The survey was distributed via email to 84 VHA providers. A total of 34 complete responses were collected and included in the analysis.
Several key insights were gleaned from the survey data:
- The most common first action taken when enrolling patients to clinical trials was identifying appropriate trials for their patients, while the last action taken was facilitating referrals for specific trials.
- The most frequently experienced concern was that there are no are no appropriate trials within the VA, followed by that the patient is unlikely to be eligible for any trial.
- Lack of transportation was the most frequently experienced patient concern. The second most frequent concern was lack of time.
- Ensuring high quality care for patients was noted as the most significant motivator for providers to introduce clinical trials, followed by their desire to contribute to science.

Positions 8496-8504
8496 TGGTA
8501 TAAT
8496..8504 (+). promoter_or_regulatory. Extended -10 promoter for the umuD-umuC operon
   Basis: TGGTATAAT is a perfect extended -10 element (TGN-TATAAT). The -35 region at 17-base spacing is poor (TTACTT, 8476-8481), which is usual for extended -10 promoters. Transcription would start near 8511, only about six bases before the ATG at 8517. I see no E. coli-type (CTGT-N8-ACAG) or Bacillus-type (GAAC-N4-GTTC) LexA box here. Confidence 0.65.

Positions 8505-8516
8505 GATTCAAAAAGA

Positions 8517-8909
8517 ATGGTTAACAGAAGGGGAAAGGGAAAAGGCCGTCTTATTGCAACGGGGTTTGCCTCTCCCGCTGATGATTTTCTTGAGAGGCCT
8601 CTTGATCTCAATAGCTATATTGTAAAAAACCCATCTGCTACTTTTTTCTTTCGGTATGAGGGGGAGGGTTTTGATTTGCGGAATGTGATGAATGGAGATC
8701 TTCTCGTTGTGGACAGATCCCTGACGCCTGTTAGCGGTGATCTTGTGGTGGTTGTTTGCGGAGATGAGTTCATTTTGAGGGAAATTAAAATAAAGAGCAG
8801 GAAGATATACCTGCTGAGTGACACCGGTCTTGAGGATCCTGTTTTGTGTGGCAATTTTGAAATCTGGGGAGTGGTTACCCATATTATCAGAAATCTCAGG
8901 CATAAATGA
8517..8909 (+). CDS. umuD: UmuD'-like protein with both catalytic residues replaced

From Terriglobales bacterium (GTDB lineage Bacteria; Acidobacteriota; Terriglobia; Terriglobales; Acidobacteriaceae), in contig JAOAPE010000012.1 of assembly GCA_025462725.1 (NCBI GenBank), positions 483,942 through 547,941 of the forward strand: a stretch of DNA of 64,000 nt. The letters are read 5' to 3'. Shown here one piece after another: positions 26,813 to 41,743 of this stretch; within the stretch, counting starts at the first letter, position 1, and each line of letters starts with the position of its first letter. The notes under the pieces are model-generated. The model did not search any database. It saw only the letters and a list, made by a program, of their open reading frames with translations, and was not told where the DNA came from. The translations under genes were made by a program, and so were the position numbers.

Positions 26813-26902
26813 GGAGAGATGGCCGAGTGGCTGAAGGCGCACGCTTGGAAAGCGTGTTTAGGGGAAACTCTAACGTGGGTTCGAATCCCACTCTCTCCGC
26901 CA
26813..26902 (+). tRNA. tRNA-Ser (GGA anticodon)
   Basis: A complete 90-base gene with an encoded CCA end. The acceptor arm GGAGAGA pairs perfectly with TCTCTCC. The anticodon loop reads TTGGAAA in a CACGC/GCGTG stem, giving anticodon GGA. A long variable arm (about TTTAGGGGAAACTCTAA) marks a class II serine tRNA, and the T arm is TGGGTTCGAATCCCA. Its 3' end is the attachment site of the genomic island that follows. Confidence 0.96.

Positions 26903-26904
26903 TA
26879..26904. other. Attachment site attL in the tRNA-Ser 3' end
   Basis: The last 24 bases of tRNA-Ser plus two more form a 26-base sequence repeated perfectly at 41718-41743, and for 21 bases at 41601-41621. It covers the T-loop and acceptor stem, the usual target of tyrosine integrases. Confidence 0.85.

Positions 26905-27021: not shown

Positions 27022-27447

- In terms of challenges relating to finding time, respondents indicated that identifying clinical trial options in other VA sites was the most challenging action, followed by identifying clinical trials outside of the VA.
- When asked about challenges relating to discussing and managing clinical trial participation, respondents indicated that dealing with the extra work of the referral process for trials outside of the VA system was the most significant challenge.
- With regard to factors that could make clinical trial referral and enrollment easier, respondents rated internal VA nurse navigators as the most helpful option and research coordinators contacting cancer teams as the second most helpful.
Semi-structured interviews revealed the many factors that influence providers' referring behaviour.
Following the survey, semi-structured interviews were conducted with eight VHA providers. These providers included one nurse practitioner, one physician assistant, five staff physicians and one fellow.